Some Russian hospitals are going through a scarcity of COVID-19 medication


© Reuters. FILE PHOTO: Coronavirus Disease (COVID-19) Pandemic in Tver


By Anton Zverev and Polina Nikolskaya

MOSCOW (Reuters) – Some Russian hospitals are suffering from serious shortages of drugs to treat COVID-19 and cannot be refilled due to panic buying, high demand and problems with a new labeling system, officials, traders and doctors said.

Russia, which has reported the fifth highest number of COVID-19 cases in the world, is – like many other countries – struggling to cope with a second wave of the disease and the health system outside Moscow is on the brink of rupture.

Doctors in over a dozen regions face major shortages of antibiotics, antiviral drugs, and other drugs to treat COVID-9, three local officials and three drug sellers told Reuters.

“Head doctors call me every few minutes asking for medication. They have nothing to treat patients. And I have nothing to deliver,” said the co-owner of a large pharmaceuticals retailer on condition of anonymity.

Kremlin spokesman Dmitry Peskov said last week that he is aware that there are problems. “We know there is a shortage in certain regions, it is unacceptable. The government is making very vigorous efforts to prevent this,” he said.

The Ministry of Health did not respond to a request for comment.

A doctor from the Bashkiria region in southern Russia said a hospital in her city was running out of antibiotics because of the large influx of patients. She refused to be identified.

With COVID-19 cases in Russia exceeding 2 million, social media feeds are full of requests for medication. [nL1N2I50GJ]

“We have no water for injections, let alone antibiotics and antivirals,” said an official from a Siberian city on condition of anonymity.

Russian doctors use a specific program of specific drugs to treat COVID-19 patients. It contains the antibiotics levofloxacin or azithromycinum and local antiviral drugs like umifenovir, Reuters documents show.

Those antibiotics and antiviral drugs are now running low, regional officials say.

“There is a huge shortage of COVID drugs,” said a senior regional official.

Only Moscow and a few other wealthy regions have the financial and lobbying resources to remove such bottlenecks.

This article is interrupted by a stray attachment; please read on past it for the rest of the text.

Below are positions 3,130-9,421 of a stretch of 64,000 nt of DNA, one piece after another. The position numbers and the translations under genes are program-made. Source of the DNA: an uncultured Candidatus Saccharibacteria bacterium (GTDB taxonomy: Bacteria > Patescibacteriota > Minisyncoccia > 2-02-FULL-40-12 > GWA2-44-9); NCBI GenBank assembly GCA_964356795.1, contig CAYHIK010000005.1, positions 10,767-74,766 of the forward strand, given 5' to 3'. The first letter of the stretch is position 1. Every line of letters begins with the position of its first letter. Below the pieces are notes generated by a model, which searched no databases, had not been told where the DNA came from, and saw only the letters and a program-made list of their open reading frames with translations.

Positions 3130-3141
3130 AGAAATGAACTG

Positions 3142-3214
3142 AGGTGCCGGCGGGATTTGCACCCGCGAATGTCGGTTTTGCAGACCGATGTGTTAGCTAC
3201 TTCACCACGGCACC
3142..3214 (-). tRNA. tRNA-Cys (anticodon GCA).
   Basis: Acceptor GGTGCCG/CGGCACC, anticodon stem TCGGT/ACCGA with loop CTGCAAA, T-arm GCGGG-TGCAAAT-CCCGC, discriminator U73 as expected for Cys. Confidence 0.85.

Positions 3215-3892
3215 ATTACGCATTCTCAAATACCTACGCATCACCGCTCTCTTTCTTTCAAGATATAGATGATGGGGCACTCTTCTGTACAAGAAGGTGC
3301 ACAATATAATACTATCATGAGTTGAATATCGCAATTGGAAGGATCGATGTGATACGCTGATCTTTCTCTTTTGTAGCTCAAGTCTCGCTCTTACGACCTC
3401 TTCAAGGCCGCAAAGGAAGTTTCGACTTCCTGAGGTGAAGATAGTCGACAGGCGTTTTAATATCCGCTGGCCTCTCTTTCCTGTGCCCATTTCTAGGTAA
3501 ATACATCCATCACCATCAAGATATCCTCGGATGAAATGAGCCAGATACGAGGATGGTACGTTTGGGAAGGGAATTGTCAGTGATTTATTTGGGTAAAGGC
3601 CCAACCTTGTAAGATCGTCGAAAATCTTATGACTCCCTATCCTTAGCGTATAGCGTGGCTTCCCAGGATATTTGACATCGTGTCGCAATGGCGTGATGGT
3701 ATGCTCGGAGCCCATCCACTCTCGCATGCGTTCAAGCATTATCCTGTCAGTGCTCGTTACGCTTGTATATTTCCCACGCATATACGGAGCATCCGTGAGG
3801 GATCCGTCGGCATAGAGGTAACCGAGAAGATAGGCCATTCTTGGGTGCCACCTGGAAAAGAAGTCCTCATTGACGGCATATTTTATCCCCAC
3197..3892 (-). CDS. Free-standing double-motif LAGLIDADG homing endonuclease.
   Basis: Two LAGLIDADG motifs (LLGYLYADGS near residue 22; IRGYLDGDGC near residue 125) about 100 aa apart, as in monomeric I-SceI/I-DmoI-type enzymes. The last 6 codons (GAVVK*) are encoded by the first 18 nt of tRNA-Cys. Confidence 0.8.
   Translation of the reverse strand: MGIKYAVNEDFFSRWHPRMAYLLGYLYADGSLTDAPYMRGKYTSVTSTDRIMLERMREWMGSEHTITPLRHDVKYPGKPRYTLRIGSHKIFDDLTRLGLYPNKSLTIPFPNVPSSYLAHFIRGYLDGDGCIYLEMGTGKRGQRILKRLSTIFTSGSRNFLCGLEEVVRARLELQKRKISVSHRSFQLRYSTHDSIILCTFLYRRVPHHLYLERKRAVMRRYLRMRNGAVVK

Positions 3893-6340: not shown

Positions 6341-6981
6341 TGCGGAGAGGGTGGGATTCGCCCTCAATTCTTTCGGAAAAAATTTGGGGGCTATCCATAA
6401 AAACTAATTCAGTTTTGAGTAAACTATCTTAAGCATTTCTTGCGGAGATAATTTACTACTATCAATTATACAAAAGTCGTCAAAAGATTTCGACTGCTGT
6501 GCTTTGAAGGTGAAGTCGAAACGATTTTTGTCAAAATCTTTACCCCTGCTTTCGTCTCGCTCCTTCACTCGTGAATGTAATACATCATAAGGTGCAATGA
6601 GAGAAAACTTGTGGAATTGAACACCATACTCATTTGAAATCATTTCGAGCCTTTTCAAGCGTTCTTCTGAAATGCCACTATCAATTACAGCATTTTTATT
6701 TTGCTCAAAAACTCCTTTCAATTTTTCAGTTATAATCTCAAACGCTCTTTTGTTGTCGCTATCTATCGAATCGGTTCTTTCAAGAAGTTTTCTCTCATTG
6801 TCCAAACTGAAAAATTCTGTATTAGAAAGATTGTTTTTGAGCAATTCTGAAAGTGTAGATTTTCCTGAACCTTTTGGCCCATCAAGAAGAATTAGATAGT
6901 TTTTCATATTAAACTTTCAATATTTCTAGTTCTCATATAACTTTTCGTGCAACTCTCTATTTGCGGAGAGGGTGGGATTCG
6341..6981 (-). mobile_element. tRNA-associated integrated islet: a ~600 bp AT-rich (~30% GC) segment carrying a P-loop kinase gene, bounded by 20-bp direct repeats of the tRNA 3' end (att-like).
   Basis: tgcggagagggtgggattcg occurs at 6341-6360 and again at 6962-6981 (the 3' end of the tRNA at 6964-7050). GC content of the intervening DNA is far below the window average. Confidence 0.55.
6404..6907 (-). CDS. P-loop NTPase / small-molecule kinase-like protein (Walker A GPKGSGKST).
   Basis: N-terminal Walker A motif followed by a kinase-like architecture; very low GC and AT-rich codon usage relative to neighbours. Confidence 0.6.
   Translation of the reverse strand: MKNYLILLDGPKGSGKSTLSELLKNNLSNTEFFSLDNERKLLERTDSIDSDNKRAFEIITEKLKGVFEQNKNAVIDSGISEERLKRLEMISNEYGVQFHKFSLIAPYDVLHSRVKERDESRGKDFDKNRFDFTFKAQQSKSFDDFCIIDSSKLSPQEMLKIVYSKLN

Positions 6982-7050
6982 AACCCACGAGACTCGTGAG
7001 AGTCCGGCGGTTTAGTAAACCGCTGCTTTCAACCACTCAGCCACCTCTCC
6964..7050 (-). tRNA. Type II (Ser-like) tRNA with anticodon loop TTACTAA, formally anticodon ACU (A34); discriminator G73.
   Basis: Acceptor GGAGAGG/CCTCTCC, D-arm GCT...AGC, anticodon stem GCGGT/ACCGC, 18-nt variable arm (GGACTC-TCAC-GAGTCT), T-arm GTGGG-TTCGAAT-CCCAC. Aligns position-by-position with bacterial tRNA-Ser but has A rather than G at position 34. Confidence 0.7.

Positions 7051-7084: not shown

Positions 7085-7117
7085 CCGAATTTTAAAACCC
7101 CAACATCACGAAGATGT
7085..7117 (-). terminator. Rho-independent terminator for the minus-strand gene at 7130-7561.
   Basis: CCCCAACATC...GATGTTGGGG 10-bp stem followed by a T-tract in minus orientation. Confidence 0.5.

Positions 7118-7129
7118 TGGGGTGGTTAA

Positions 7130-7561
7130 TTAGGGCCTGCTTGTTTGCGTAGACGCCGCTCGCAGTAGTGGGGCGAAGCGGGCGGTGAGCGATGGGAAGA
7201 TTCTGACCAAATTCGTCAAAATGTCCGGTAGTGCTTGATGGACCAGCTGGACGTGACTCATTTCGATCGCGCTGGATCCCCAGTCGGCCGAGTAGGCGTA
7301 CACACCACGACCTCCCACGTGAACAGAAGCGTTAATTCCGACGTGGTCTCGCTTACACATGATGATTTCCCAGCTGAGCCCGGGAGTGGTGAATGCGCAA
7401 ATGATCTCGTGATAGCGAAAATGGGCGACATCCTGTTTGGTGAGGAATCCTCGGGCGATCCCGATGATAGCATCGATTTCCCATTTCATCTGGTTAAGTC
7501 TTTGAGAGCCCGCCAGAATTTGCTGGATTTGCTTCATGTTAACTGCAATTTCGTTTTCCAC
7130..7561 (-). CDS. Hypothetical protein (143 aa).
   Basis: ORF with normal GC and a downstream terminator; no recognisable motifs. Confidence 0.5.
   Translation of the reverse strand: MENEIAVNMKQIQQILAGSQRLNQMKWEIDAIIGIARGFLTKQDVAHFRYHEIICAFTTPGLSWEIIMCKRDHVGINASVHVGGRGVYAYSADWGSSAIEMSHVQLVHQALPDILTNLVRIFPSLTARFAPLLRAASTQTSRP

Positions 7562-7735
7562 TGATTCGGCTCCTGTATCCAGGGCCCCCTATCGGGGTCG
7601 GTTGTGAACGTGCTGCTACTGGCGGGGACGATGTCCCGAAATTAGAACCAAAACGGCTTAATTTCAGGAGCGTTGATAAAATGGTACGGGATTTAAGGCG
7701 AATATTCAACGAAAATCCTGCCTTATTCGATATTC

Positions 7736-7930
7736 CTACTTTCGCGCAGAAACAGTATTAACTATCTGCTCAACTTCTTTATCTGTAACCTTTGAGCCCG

“The only cure is through prayer,” said an official who works at a regional COVID-19 crisis center.


Details of the drugs used in the treatment program were posted on social media, leading to panic buying that emptied pharmacies and suppliers’ warehouses.

Antibiotics should legally only be sold over the counter with a prescription, but many pharmacies sell them without one.

Drug makers can’t ramp up production right away, said Anatoly Tenser, head of development at Katren, a large distributor.

Drug manufacturers are also struggling to import substances they need from India and China due to high global demand during the pandemic, the co-owner of a large pharmaceuticals distributor said.

Alexander Semenov, president of drug maker Acticomp, said the company is grappling with a shortage of imported reaction intermediates that are used to make drugs.

“Of course there are bottlenecks. In the summer we made stocks six months in advance. Unfortunately, they run out very quickly,” he said.

Rustem Muratov, CEO of drug maker Binnopharm Group, said one of its factories increased production of levofloxacin by a factor of six and of azithromycinum by a factor of five in September.

“Manufacturers are not coping. There just aren’t that many of these drugs,” said a regional official at a COVID-19 crisis center.

A new drug labeling system launched in October to counter black market drugs by electronically monitoring the movement of each drug from manufacturer to consumer has not helped.

Due to teething problems, manufacturers have struggled to get drugs into the system and pharmacies have had problems selling, several distributors and manufacturers said.

A Reuters reporter was unable to buy drugs included in the treatment program at over a dozen pharmacies in Moscow and saw that the labeling system was not working properly when trying to buy other drugs.

One supplier said he has not been able to get a large shipment of dexamethasone to treat the new coronavirus for several weeks because the labeling system at the factory is struggling.

“It was crazy to introduce this system without testing and in a difficult epidemiological situation,” said Nikolai Bespalov, RNC Pharma Development Manager.

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